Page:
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"Once again St Nicholas Day"

Published December 06, 2019 by Dr John Mueller

St Nicholas, Santa Claus, Father Christmas, Advent, Nicholas Of Myra

"Children, I beseech you to correct your hearts and thoughts"

- attributed to St Nicholas

Nicholas of Myra is arguably the best known and most popular of Christian saints among all faiths. This late-3rd to mid-4th century bishop from Turkey is the – highly unlikely – father of modern-day Santa Claus or Father Christmas. His feast day is on 6 December, within the first week of the penitential season of Advent. This is a good few weeks before he allegedly comes down the chimney to hide sweets and presents under a fir tree. The fat, jolly, figure we know today is popularly claimed to be the brain-child of Coca Cola advertisers, who high-jacked the man dressed in their company colours out of Advent and into Christmas to boost sales. Penitence does not sell fizzy pop well. The Christmas song 'Santa Claus is coming to Town' does however hint at the role the saint developed over the centuries: 'He's making a list and checking it twice…'

Even grown-ups have to face the stern bishops during Christmas parties in many European countries.

The historic Nicholas came from a wealthy family and, upon entering the priesthood as a very young man, gave all his worldly possessions to the poor. His role as a gift-bringer to children probably stems from this historic fact. Specifically, he is said to have given gold coins to three virgins who would otherwise have had to prostitute themselves to be able to survive. St Nicholas can thus be identified in depictions by the three golden coins or apples he has in his hand. The same three golden coins today appear in logo of pawn-brokers, of which he is the patron saint. His other attribute is a sailing boat which stems from the legend that he navigated a ship through stormy weather, only being recognised as the Bishop upon arriving in Myra. He is thus also the patron saint of seafarers and coastal towns. The 'holy legends' (so-called as the point of them is not historic, but spiritual truth) around him abound and his relics, such as a piece of his death shroud, have been a source of comfort and the object of pilgrimage for centuries. On the whole the few facts and the things he and his relics are supposed to have done conjure up the vision of a pious, ascetic man who did not suffer fools gladly. 'Muscular Christianity', one might call his brand of faith today.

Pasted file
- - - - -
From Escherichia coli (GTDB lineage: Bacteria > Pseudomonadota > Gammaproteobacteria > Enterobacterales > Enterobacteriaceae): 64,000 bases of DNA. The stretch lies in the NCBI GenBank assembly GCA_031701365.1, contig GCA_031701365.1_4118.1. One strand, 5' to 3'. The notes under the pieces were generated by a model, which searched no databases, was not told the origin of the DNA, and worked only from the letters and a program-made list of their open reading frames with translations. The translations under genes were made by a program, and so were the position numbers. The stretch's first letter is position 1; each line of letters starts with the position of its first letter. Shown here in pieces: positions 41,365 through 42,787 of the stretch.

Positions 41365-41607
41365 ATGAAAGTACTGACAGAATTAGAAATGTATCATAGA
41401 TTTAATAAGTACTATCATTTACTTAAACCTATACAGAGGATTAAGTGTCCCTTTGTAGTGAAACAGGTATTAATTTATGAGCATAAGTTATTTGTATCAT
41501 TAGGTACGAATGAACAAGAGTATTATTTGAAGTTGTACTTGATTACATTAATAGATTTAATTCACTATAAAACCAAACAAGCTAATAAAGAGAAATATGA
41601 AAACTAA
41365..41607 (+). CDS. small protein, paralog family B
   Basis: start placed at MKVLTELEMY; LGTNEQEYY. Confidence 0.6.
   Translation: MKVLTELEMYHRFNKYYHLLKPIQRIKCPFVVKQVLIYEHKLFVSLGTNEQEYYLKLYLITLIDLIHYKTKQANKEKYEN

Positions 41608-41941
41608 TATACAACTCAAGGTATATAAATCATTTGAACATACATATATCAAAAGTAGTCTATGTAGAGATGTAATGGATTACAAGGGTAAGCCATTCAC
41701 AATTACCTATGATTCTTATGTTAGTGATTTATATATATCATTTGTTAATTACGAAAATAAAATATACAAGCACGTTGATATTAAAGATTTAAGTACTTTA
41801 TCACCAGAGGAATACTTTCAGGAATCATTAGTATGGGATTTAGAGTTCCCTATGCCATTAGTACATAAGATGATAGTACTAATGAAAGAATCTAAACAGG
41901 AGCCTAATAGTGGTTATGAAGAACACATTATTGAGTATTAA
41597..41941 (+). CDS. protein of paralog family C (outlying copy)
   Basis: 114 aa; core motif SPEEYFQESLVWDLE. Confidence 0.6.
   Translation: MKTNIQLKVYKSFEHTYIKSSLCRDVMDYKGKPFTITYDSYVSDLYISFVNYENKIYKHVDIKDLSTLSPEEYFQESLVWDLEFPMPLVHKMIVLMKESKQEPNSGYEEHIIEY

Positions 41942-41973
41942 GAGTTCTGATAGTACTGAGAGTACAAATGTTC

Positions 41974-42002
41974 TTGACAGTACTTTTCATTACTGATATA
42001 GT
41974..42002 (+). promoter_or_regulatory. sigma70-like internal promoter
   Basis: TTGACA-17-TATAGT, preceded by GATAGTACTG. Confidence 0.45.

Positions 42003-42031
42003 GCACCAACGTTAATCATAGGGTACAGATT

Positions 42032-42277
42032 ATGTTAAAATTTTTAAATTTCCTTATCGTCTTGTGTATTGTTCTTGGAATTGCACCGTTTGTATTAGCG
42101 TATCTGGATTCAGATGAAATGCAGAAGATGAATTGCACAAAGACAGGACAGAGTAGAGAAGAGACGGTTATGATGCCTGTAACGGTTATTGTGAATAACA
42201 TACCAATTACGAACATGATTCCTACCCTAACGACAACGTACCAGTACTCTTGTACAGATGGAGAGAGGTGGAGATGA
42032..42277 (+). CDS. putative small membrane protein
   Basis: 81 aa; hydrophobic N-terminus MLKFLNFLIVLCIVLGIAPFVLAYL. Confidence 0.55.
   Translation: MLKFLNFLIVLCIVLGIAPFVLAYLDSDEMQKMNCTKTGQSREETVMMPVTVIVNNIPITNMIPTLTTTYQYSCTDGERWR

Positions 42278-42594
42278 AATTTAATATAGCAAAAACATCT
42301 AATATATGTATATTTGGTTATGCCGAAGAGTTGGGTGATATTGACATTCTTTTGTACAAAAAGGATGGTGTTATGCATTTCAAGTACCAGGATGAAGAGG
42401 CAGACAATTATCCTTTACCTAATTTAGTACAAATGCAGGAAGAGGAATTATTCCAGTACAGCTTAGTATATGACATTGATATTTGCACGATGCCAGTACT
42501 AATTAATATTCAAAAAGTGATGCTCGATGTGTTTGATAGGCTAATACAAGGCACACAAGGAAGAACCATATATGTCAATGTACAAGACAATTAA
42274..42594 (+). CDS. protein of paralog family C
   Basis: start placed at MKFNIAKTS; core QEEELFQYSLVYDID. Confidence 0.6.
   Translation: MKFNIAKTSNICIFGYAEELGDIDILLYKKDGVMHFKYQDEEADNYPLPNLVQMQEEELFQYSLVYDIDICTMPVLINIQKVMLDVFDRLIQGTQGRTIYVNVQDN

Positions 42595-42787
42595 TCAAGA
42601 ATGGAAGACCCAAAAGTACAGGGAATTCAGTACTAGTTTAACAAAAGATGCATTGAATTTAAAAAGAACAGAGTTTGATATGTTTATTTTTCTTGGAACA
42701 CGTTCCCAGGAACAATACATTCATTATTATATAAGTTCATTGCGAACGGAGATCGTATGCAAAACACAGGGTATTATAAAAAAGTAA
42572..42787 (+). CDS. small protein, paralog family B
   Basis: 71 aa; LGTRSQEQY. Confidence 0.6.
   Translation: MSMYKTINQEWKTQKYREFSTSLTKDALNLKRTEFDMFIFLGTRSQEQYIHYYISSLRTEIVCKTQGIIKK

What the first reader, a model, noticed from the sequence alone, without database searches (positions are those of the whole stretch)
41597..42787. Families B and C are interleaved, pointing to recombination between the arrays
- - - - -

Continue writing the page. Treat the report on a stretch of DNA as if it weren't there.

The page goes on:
He has probably been an important saint since at least the 6th century, when we have evidence his feast day was kept on 6th December. Where the historic saint, rather than the commercial 'Santa', is celebrated today, he acts as a moral guardian. Good behaviour is rewarded, bad behaviour is punished. In Germanic schools and communities special evenings are put on where children get to meet him. He has a big book in which your good works and transgressions are recorded. Helpfully, these are provided to him by the conspiratorial parents in advance. The good are rewarded, the bad are punished. The experience is harrowing, children bursting into tears is not unusual or frowned upon. Yet most recall it with fondness, as Anne Frank did in her diary:

"Once again St Nicholas Day

Has even come to our hideaway;

It won't be quite as fun, I fear,

As the happy day we had last year."

St Nicholas, complete in bishop's vestments and bushy beard, usually appears accompanied by a malevolent apparition in various guises: Krampas – a devil – in Austria, Knetch Hubrecht – a demonic servant – in large parts of the Federal Republic, Switzerland and Alsace, and Zwarte Piet – a black-faced man in elaborate Moorish costume – in Scandinavia and Holland. Only the latter has more recently been resurrected as a benign and jolly companion; originally they would all stick you in a sack and beat you if you misbehaved.

Appeasing St Nicholas and his companion is, on the whole, relatively simple. Promise to do better and say a poem, sing a song or perform a piece of music. A present will then be left in your boot by St Nicholas as a reward that night. The message is clear: You are a sinner, only confession of transgressions and subsequent penance will lead to forgiveness and possible heavenly rewards. Gifts are given for being faithful and contrite. Next time you spot the fat and jolly man encouraging you to consumption in December remember what his severe Turkish father would have asked: 'Are you naughty or nice?'

Dr John Mueller is Director of Studies in History at St Edmund's College, Cambridge and Alumni & Supporter Relations Manager at the Woolf Institute. Find out more about him.

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